An armour-clad Snow White wages war against her wicked stepmom. Hansel and Gretel are witch-killing bounty hunters. Little Red Riding Hood has undergone a Twilight makeover and is torn between two men, one of whom may be a werewolf terrorizing the village.
Move over, Disney. Snow White and her fairy tale mates are trading their shiny castles and glass carriages for cold, unforgiving landscapes filled with revenge and violence in upcoming films such as Snow White and the Huntsman and Hansel and Gretel: Witch Hunters . On TV, the tributes include Grimm, a show about a Grimm descendant, a detective who battles age-old fairy tale villains.
With this surge in dark and brooding modern fables, it seems as if entertainment execs have drunk the same magic potion. This year marks the 200th anniversary of the first collection from the best-known purveyors of the genre, the Grimm brothers, and their tales continue to fascinate us.
Over the past two centuries, each generation has refashioned the collection of Germanic folk tales for their times. The sanitized Disney versions, with their focus on pretty princesses and happy endings, dominate our collective memory, but even Jacob and Wilhelm Grimm edited out some of the more unsettling elements in their later editions. So it’s no surprise that many grown-ups find themselves conflicted: While we eat up these sexy updates in the theatre, we can be repelled as parents.
“Fairy tales are thousands of years old,” says scholar Jack David Zipes, a professor emeritus at the University of Minnesota who has translated the Grimms. “And they were told in different social-cultural contexts as warning tales, initiation tales, celebration tales, ritual tales, worship tales and so on. The fairy tales or wonder tales were derived from all sorts of storytelling. They could be amusing and edifying at the same time.”
We’re certainly not sure if they’re edifying for children any longer. Many parents blanch when they stumble upon alarming scenes in volumes they haven’t vetted. Cinderella's stepsisters slice off their toes and heels to try fitting into the slipper? Red Riding Hood and her grandma actually get eaten by the wolf and a huntsman slices the wolf open?
A recent British study found that 50 per cent of parents pass on Rumpelstiltskin and Rapunzel due to kidnapping themes. Fifty-two per cent dismissed Cinderella as “outdated” because it’s based on a woman doing housework all day (presumably they’re referring to the less bloody versions). A wolf eating a grandmother disqualified Little Red Riding Hood.
“The attitude toward children was somewhat different,” says Prof. Zipes of 19th-century parents. “They didn’t think children should be protected,”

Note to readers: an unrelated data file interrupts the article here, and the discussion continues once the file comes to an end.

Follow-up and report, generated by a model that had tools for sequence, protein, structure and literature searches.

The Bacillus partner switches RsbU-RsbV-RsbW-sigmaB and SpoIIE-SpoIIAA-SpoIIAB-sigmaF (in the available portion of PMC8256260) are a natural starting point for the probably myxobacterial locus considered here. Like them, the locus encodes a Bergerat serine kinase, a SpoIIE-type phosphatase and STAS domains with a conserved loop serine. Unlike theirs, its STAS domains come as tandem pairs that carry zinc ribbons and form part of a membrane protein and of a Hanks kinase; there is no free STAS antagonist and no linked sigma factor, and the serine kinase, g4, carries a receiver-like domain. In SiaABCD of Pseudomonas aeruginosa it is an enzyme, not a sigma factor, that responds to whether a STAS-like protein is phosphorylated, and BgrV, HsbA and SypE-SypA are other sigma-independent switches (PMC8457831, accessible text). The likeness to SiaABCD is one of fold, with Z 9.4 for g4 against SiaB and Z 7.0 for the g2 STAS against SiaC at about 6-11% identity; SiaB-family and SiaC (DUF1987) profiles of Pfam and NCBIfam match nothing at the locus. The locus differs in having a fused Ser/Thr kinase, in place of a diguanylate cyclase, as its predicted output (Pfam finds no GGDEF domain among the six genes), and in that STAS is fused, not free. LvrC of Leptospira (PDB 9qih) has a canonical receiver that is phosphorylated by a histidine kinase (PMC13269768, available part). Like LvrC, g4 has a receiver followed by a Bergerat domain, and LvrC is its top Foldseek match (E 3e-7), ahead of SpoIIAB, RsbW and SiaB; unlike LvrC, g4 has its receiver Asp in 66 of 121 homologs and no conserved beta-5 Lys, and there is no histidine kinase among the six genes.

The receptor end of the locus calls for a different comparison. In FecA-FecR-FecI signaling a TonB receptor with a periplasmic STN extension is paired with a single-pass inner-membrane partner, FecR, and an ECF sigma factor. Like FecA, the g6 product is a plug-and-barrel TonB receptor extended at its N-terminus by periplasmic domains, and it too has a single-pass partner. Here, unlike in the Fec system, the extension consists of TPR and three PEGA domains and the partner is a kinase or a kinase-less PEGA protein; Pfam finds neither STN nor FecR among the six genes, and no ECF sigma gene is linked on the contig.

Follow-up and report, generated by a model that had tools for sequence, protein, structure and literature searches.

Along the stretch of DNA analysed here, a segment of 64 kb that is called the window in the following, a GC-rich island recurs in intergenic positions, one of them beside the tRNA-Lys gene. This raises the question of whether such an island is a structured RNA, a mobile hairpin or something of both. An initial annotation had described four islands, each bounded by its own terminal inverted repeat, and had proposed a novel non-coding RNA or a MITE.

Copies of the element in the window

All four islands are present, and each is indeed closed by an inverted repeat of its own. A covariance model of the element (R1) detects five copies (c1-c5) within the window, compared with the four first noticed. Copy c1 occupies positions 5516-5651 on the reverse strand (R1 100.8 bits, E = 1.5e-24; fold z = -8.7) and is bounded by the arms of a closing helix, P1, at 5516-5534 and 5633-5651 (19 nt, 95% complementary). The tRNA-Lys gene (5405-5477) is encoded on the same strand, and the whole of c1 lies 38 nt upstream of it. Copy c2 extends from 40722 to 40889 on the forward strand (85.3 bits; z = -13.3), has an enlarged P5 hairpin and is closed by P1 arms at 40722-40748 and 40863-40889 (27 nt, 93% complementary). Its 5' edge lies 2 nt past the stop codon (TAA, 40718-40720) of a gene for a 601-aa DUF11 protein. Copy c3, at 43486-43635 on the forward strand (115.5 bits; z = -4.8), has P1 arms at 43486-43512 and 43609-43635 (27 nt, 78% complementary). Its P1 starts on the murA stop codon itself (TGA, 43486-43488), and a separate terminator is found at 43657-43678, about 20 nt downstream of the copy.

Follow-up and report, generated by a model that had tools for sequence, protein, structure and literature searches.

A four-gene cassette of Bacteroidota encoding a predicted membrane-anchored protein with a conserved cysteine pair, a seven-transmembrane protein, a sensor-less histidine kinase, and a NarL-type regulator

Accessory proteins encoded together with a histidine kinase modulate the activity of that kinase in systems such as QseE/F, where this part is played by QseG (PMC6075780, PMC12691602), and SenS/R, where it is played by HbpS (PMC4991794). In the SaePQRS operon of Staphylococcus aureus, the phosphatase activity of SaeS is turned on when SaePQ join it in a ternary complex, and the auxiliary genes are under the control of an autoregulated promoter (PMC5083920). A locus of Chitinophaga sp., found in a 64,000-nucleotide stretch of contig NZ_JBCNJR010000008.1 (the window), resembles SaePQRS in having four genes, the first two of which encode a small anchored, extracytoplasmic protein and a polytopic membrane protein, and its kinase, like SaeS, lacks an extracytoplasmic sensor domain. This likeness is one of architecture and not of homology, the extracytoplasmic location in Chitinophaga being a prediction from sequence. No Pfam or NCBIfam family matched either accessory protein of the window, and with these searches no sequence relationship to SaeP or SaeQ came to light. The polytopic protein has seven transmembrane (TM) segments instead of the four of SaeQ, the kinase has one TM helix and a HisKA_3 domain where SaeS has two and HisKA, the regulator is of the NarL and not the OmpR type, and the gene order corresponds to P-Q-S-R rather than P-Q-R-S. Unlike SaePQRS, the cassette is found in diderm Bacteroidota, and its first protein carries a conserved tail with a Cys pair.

Writer Libby Copeland thinks today’s children should be shielded, arguing forcefully in Slate magazine that Grimms-inspired tales are past their prime. “There’s a tendency to jump to the conclusion that because modern parents are squeamish about violence in fiction we must be wussy and overprotective. But is it also wussy that we don’t spank any more, or tell our children that they’re wicked?”
Toronto mother of two Rebecca Brown says, “They are dark and scary for sure.” Her three-year-old son, for instance, has asked her to stop reading Hans Christian Andersen. Nevertheless, Ms. Brown, who runs a parenting site called Bunch Family, recently ran a piece exploring our fraught relationship with what she calls “ur-stories” of the Grimms and others. She doesn’t advocate avoiding or sanitizing iconic tales beyond recognition.
“What I don’t like is this conservative movement within kids’ books right now that really insists that kids’ books toe the line and be super-PC and align with values in such a way that you’re removing any complexity or contradiction or darkness from the story. Making kids’ literature devoid of complexity is not a good thing.”
In his 1976 book The Uses of Enchantment: The Meaning and Importance of Fairy Tales, the late child psychologist Bruno Bettelheim argued that the frightening elements of fairy tales helped children “grapple with emotional problems,” as Prof. Zipes puts it. Fairy tales give children a symbolic space, removed from reality, in which to deal with – and conquer – their anxieties safely.
But many feel that young children are too vulnerable to be exposed to the gory details from the original stories – such as Snow White’s stepmother being forced to dance in red-hot iron shoes until she died. “As adults we can see the innocence in fairy tales, but a five-year-old with an overactive imagination could take things too literally,” Steve Hornsey, of the television channel Watch, which commissioned the British study, told the Daily Telegraph.